Tip #2. Bring others into the conversation. 
Something as simple as let's get Bob's, or the rest of the team’s, opinion usually ups the ante on your willingness to be flexible and helps minimize personal factors that may play into the conversation.  It's one thing if a single individual in your organization feels like you're not being reasonable, it's a much bigger deal if everyone feels like you're being unreasonable. This is one of those things that is much better out in the open that it is hidden in the back room. As a leader you need to know if your people think you are fair and reasonable. You might be asking yourself can I really trust the crowd about what is fair and reasonable. We do it every day in our legal system. Twelve people literally decide issues of life and death in the form of a jury.  In my experience, if your people, by and large, think you are unreasonable and you probably are.

Tip #3. Don’t be quick to act.  
Quality relationships take time and effort. If someone feels like you're genuinely being unreasonable with them or vise-a-versa, I would encourage you to give the situation some time and space. It's easy to make a rash decision in the heat of the moment. When it comes to relationships things are rarely ever black and white. Take the pressure off all the parties and sleep on it for a night or two. I can't tell you how many times that space and room has allowed me and others to work things out for each other's benefit.  And don’t be surprised if you are implementing these tips and you are truly being reasonable, your employee or subordinate returns to you and says that they do indeed think you are being fair and reasonable. 

I have to wonder if the most important issue around reasonableness for an organizational leader is whether or not we are willing to be reasonable with our people.  The world we see is simply a reflection or mirror of the world that exists inside of us. What does it say about us if we don't think our employees are reasonable?  At the end of the day, the only leader who needs to be afraid of shared reasonableness is the leader who is not themselves willing to be reasonable.

Tuesday, January 18, 2011

Other Speaking & Training Options

Right on Target—Making Your Dreams a Reality
How effective goal setting can get you where you want to go!
In this session you will learn:

  • Why it is important to set goals
  • The 2 reason people don't set goals
  • Why it is important to keep first things first
  • To understand why hard work alone is not the answer
  • How meaningful goals naturally motivate us
  • That the mind automatically searches for answers when a question is asked
  • Why it is important to track our progress
  • About the Dynamic Productivity Model
  • How to set SMART goals
  • Live a balanced life
Networking—Your Connection to Success 
In this session you will learn:

  • Why working together produces better results with less effort
  • The four keys to being referable
  • How to provide real value
  • To establish and build trust with clients
  • The importance of a relational support system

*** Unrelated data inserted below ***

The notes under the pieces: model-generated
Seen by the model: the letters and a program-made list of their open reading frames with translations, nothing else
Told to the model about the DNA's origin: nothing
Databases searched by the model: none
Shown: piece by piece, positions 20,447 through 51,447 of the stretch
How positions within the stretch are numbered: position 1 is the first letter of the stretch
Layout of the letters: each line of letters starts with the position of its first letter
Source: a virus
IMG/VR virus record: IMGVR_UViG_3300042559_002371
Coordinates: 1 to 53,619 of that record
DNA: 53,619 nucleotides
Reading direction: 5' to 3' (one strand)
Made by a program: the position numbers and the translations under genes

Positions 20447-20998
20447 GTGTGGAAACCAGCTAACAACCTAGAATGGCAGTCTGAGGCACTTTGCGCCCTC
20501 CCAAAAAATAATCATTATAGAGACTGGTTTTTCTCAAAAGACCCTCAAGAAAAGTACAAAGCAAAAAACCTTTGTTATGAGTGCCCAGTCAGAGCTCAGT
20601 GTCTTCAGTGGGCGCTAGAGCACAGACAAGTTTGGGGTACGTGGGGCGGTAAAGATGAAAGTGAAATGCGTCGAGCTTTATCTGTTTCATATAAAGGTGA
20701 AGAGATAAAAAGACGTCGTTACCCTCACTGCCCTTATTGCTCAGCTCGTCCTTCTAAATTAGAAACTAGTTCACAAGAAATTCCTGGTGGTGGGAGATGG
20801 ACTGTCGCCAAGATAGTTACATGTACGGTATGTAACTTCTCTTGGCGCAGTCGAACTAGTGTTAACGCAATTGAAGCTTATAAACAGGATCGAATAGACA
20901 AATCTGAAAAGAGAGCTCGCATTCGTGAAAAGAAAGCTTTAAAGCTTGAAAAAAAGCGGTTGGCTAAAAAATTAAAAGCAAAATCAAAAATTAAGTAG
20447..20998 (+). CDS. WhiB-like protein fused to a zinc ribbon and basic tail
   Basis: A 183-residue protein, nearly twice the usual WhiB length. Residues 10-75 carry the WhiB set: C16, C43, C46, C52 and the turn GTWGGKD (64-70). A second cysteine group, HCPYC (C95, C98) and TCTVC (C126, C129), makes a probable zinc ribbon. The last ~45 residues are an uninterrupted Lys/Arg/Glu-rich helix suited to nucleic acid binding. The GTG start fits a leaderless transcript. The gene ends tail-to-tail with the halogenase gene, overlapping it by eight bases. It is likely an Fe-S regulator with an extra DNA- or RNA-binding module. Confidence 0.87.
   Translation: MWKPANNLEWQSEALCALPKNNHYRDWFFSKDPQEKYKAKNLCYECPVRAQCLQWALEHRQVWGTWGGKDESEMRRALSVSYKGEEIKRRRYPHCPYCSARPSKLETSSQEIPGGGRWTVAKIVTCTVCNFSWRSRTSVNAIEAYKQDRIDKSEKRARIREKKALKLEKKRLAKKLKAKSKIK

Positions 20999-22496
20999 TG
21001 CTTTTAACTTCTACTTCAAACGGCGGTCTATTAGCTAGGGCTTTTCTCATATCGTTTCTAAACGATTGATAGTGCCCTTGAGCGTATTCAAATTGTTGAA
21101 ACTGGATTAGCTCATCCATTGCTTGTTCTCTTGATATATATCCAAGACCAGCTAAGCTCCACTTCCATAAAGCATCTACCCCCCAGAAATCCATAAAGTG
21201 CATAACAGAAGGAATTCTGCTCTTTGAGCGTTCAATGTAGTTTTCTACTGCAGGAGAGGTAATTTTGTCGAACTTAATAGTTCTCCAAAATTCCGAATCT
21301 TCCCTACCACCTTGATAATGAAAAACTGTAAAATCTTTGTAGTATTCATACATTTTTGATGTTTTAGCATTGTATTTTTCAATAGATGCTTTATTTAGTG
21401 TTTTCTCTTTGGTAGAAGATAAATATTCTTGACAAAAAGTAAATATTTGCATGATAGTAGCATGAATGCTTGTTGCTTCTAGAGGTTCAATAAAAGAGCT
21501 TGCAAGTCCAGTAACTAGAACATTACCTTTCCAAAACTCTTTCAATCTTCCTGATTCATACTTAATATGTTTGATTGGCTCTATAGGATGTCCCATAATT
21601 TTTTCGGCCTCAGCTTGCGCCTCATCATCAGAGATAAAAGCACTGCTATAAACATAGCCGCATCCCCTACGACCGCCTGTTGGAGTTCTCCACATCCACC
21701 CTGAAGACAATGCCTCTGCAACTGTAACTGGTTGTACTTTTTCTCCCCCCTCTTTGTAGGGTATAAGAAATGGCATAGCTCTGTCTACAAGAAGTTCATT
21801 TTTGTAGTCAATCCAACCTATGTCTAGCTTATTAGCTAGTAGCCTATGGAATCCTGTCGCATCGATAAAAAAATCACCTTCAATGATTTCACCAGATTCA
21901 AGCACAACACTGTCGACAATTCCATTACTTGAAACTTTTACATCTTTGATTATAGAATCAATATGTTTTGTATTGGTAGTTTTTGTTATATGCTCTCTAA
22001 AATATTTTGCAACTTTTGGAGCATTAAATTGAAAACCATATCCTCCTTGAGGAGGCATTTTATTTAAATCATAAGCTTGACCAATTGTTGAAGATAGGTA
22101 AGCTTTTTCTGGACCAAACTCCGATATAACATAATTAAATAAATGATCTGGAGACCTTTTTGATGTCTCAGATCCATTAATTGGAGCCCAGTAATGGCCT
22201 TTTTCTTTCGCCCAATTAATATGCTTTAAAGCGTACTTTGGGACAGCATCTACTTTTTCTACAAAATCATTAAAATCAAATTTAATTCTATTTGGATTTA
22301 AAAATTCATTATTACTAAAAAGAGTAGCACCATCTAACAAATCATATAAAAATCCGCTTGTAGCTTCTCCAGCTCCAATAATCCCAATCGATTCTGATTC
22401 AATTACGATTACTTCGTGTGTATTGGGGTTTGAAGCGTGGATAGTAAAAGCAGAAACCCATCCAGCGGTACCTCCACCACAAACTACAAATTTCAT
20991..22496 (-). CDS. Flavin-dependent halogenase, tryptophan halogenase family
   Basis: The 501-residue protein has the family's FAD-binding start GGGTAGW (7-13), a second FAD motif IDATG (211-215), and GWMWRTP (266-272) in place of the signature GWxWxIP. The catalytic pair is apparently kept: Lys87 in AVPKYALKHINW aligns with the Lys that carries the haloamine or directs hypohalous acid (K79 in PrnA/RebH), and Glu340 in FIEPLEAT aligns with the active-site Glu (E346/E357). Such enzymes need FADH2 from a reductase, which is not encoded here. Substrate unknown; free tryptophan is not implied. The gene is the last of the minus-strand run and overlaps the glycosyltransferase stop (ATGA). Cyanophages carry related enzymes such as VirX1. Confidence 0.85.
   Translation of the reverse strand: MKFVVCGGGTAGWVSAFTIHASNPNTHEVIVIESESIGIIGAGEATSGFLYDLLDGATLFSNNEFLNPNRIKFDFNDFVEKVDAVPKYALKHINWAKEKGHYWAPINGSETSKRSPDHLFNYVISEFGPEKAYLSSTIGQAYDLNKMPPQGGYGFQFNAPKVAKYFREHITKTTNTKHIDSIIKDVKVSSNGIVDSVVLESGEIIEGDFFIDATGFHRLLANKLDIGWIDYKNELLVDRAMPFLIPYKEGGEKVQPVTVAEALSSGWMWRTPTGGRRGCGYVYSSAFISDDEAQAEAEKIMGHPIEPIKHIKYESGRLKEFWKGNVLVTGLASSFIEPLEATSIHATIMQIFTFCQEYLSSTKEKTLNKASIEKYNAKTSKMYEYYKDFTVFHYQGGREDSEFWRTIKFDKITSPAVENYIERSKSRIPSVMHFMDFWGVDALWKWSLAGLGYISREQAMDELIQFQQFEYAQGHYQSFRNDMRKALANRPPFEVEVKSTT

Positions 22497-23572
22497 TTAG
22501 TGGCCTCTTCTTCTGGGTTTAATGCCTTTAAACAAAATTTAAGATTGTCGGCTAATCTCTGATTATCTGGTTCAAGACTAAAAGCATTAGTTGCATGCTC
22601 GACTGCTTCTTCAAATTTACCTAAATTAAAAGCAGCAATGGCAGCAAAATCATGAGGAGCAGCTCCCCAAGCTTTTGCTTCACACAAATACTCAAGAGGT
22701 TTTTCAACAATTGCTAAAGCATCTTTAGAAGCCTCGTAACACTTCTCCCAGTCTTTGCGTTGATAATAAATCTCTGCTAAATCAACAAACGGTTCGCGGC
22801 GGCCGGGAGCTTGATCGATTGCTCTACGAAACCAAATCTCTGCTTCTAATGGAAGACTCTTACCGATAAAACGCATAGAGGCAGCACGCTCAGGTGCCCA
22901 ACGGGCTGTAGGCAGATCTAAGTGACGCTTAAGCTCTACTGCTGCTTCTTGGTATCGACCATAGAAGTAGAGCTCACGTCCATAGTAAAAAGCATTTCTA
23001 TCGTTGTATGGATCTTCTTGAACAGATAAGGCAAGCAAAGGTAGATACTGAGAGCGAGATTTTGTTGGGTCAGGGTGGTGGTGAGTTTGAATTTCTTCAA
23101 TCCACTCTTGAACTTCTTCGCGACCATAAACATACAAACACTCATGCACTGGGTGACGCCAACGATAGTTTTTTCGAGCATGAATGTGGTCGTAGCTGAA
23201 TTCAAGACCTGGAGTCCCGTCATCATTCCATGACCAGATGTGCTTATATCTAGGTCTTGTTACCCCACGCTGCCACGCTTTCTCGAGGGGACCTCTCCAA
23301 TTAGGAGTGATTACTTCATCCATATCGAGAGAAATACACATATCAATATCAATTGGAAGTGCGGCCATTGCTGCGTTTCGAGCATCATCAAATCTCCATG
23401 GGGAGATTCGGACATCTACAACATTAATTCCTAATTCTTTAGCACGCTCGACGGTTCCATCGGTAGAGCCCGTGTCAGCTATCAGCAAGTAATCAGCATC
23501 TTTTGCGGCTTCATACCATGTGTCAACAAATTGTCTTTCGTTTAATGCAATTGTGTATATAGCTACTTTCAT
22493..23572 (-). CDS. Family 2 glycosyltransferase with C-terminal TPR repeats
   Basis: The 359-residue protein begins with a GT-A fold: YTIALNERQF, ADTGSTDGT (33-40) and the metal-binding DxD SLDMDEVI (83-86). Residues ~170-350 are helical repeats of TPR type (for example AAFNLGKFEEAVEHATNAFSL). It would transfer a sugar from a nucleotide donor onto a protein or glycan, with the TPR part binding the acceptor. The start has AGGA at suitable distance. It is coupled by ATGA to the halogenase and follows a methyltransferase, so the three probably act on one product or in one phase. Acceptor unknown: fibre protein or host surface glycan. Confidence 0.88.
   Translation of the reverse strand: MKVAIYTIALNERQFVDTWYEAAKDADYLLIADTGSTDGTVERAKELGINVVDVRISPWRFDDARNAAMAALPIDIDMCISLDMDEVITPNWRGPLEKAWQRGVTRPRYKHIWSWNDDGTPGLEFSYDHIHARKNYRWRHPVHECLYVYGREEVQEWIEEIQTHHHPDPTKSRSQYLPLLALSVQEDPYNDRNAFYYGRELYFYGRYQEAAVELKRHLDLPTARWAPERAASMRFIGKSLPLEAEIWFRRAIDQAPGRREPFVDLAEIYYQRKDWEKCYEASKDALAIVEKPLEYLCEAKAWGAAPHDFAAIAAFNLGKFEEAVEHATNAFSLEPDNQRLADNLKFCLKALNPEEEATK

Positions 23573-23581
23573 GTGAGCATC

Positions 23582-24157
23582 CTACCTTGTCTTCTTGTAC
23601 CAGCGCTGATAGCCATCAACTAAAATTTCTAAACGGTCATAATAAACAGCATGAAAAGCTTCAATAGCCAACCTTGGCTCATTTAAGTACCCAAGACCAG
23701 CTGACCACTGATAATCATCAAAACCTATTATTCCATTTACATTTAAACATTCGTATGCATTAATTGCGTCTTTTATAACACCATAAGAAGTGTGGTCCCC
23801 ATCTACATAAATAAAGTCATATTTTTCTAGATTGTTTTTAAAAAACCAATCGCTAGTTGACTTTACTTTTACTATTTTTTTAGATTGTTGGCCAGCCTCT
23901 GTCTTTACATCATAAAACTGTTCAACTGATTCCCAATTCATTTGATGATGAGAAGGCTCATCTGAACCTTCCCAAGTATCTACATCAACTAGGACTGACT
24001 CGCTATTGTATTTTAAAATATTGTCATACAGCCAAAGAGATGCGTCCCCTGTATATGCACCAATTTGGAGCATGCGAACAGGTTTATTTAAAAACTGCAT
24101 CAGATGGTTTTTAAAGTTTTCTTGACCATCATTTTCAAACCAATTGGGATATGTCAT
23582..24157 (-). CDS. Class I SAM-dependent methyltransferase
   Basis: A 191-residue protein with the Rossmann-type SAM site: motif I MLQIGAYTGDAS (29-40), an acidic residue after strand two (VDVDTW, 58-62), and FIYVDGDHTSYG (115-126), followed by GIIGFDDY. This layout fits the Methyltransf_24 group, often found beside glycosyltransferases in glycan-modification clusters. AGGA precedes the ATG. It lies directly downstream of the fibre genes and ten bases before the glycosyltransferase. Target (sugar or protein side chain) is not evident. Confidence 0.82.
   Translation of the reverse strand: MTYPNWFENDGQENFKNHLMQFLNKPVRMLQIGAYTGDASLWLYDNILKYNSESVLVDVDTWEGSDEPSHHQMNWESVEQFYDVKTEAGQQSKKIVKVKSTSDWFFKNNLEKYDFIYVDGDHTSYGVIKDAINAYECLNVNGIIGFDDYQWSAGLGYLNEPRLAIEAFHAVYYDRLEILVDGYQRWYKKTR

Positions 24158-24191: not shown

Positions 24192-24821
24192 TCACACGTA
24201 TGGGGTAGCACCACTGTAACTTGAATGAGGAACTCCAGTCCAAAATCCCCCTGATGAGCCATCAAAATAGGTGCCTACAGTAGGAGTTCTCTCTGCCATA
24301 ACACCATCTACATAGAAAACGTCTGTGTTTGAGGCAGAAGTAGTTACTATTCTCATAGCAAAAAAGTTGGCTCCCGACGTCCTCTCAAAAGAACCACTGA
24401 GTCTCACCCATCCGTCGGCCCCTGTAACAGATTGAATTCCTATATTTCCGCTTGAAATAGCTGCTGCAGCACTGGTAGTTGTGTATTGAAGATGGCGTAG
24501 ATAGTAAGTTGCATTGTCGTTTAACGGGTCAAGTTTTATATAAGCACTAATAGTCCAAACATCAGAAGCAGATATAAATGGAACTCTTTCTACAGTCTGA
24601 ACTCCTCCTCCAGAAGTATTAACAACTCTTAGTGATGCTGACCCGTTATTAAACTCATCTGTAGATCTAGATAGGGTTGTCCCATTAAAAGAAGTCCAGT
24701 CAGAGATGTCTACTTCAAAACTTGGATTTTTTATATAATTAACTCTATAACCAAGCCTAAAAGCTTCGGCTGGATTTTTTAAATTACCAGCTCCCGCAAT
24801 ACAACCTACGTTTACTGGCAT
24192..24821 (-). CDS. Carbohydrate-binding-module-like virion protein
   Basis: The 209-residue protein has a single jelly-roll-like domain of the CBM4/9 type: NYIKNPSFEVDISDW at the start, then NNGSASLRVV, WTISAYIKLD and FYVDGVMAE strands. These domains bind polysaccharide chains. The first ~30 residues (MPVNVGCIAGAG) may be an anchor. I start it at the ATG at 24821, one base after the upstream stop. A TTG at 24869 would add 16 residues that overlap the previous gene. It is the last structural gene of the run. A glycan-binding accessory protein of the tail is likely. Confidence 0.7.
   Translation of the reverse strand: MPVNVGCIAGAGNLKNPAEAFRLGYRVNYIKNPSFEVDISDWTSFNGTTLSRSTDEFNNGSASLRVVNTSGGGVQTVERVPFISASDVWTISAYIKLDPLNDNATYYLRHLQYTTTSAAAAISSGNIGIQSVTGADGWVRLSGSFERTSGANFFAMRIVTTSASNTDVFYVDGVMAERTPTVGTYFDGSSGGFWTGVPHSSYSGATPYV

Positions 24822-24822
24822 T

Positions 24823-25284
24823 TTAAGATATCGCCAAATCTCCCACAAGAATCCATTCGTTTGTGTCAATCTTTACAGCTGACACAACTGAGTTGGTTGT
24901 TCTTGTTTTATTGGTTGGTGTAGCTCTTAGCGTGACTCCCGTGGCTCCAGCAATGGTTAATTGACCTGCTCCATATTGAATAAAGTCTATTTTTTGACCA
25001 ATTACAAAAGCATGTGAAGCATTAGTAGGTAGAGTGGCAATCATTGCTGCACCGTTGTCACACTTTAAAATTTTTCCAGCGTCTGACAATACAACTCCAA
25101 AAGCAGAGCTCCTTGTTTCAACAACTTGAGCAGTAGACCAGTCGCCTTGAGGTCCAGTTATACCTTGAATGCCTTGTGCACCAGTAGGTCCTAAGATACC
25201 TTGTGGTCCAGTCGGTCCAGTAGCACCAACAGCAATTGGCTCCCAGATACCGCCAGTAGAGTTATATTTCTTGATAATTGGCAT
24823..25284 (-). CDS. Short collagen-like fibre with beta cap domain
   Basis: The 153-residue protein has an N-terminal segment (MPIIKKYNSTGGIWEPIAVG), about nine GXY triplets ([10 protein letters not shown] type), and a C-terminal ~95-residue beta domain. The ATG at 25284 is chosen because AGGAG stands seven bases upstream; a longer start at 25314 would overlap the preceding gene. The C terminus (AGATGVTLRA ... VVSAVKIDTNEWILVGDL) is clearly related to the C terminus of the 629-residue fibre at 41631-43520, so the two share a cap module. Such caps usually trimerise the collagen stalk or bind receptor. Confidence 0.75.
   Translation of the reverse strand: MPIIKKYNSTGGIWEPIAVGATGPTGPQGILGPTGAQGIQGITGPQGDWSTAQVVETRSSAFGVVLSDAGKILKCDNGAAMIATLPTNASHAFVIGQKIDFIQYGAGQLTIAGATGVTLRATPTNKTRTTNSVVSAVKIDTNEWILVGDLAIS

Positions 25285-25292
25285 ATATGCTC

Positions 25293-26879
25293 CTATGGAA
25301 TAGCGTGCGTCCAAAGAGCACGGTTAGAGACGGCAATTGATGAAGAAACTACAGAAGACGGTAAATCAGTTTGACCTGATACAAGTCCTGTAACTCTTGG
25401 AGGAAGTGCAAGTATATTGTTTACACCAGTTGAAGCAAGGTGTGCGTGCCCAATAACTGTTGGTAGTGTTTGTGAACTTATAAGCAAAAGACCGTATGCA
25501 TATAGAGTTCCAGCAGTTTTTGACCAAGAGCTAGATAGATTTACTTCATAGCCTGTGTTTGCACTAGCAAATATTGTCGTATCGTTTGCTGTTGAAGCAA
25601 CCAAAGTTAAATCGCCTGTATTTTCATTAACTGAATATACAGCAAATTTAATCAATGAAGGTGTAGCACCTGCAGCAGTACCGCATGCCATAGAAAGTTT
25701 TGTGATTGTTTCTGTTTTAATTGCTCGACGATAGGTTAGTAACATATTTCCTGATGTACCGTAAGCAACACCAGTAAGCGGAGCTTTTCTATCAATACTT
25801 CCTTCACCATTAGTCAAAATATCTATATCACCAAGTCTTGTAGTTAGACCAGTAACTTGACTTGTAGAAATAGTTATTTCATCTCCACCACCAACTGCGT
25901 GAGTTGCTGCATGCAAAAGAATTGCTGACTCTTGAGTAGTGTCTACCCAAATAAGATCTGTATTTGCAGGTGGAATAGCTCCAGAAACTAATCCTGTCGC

• What customers really want and will pay you well to provide
  • How to build high trust relationships
  • About the Relational Progression Model
  • How to make more money with less effort
  • Why traditional cold calling does not work
Perpetual Motivation
How To Be Successful Without Ever Having To Work Another Day In Your Life!
In this session you will learn how to:
  • Create an empowering work environment
  • Break out of old, limiting ways of thinking
  • How to truly be successful
  • Release the untapped potential in yourself and others
  • Use your own natural talents, abilities, and interests to differentiate your self from your competitors
  • Become more confident
  • Delegate more effectively
  • Understand how to set more effective goals
  • Block out distractions
  • Live the life of your dreams
The Art of Customer Service
Giving People What They Really Want
In this session you will learn how to:
·         Turn your customers into your biggest fans
·         Effectively handle customer complaints
·         Support your staff
·         Create memorable customer experiences
·         Build life time customers
·         Give the customer more than their monies worth
·         Create a place where people want to work
·         Quickly defuse emotionally charged situations
·         Create customer loyalty

Conversations That Make a Difference
Creating a better life through better communication
In this session you will learn how to:
·         Stop avoiding difficult conversations
·         Learn how to build better relationships through effective communication
·         Create a better world for yourself and others
·         Break out of old, limiting ways of thinking
·         Establish and build trust
·         Hear and be heard
·         Build and maintain safety for yourself and others
·         Value others and respect yourself
·         Unleash the creative power of language

The Coaching Paradigm—Coaching Basics
Learn how to dramatically improve human performance and maximize results through effective coaching principles and techniques.

Learning Objectives:
·         Understand the fundamentals of coaching.
·         Learn how to ask powerful questions.
·         Create effective accountability.
·         Unleash and empower people in your organization.